from Wiktionary, Creative Commons Attribution/Share-Alike License

  • n. Plural form of caparison.
  • v. Third-person singular simple present indicative form of caparison.


Sorry, no etymologies found.


  • It is true, that certain envious rivals have compared them to birds of prey, scenting mortality from afar, and hovering like vultures on the trail of death, in order to profit by his dart; but such "caparisons," as Mrs. Malaprop says, "are odorous," and we will have nothing to do with them.

    Victorian Funerals and Mourning

  • Leondard Opdycke notes, "These devices [imprese] so much in vogue during the 16th century in Italy, were the 'inventions' which Giovio (ca. 1480) says 'the great lords and noble cavaliers of our time like to wear on their armour, caparisons and banners, to signify a part of their generous thoughts.' [fig. 4.16] They consisted of a figure or picture, and a motto nearly always in Latin" (Book of the Courtier, 329n40).

    Architecture and Memory: The Renaissance Studioli of Federico da Montefeltro

  • I reached the brow of the hill and saw warriors riding in orderly splendor down the other side, their caparisons bright in the dim snowlight.


  • The caparisons of the royal elephant were of scarlet cloth, richly embroidered with gold.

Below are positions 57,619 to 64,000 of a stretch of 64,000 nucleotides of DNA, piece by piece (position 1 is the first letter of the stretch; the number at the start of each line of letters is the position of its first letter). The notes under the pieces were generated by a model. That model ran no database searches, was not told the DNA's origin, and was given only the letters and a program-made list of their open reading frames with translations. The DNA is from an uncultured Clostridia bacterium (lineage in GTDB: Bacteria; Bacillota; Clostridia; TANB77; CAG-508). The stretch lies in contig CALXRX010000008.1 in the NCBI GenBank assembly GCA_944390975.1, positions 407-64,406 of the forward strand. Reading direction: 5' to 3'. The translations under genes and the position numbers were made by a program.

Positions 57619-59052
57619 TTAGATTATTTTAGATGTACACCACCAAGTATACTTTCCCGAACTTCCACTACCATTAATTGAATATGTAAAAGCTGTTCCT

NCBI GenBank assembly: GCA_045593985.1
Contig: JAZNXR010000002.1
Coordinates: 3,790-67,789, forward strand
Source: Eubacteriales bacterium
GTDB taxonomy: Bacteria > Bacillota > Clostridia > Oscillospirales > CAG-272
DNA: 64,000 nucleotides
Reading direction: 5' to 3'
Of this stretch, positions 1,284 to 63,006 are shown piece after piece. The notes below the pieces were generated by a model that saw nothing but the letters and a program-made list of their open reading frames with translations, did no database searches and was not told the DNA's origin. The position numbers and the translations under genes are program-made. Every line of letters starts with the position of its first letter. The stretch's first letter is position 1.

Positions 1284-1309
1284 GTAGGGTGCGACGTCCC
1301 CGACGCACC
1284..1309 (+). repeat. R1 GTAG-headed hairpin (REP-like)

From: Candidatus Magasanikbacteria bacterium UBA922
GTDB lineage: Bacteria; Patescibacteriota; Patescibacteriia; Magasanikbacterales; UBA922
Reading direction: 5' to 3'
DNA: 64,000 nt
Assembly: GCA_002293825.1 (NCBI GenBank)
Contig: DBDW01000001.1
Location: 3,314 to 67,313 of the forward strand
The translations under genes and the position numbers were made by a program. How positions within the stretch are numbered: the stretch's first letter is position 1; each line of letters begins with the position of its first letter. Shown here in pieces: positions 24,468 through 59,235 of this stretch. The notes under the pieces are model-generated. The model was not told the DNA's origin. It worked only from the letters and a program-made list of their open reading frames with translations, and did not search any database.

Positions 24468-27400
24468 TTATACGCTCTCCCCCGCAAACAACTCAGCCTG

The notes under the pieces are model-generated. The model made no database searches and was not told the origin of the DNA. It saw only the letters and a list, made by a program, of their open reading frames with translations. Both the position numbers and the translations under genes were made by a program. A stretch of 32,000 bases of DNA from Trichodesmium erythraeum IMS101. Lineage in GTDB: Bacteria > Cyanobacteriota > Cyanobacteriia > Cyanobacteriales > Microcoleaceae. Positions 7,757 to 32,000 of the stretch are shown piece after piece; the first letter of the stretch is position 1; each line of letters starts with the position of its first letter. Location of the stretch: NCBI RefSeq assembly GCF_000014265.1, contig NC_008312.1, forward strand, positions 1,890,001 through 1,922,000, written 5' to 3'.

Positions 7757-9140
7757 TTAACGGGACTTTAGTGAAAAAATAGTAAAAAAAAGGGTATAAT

The Surgeon's Daughter

  • More than one hundred and twenty-five best United States model wagons and splendid teams with gay caparisons were secured and driven off.

    Cavalryman of the Lost Cause

  • The way was lined by ushers and officers in caparisons that gleamed like steel, and beyond their line, so far as my eyes could pierce the gloom, the heads of that enormous crowd extended.

    First Men in the Moon

  • “The Alfaqui offers 100,000 dinars, twenty-four horses with their caparisons, twenty-four suits of plate-armor, and diamonds and rubies to the amount of 1,000,000 dinars.”


  • They were richly armed, and clothed in the most brilliant colors, and the caparisons of their steeds flamed with gold and embroidery.

    Washington Irving

  • At length horses, whose caparisons showed that they belonged to the

    Old Mortality

  • Also they brought many horses and mules vnto him furnished with trappes and caparisons, some being made of leather, and some of iron.

    The long and wonderful voyage of Frier Iohn de Plano Carpini


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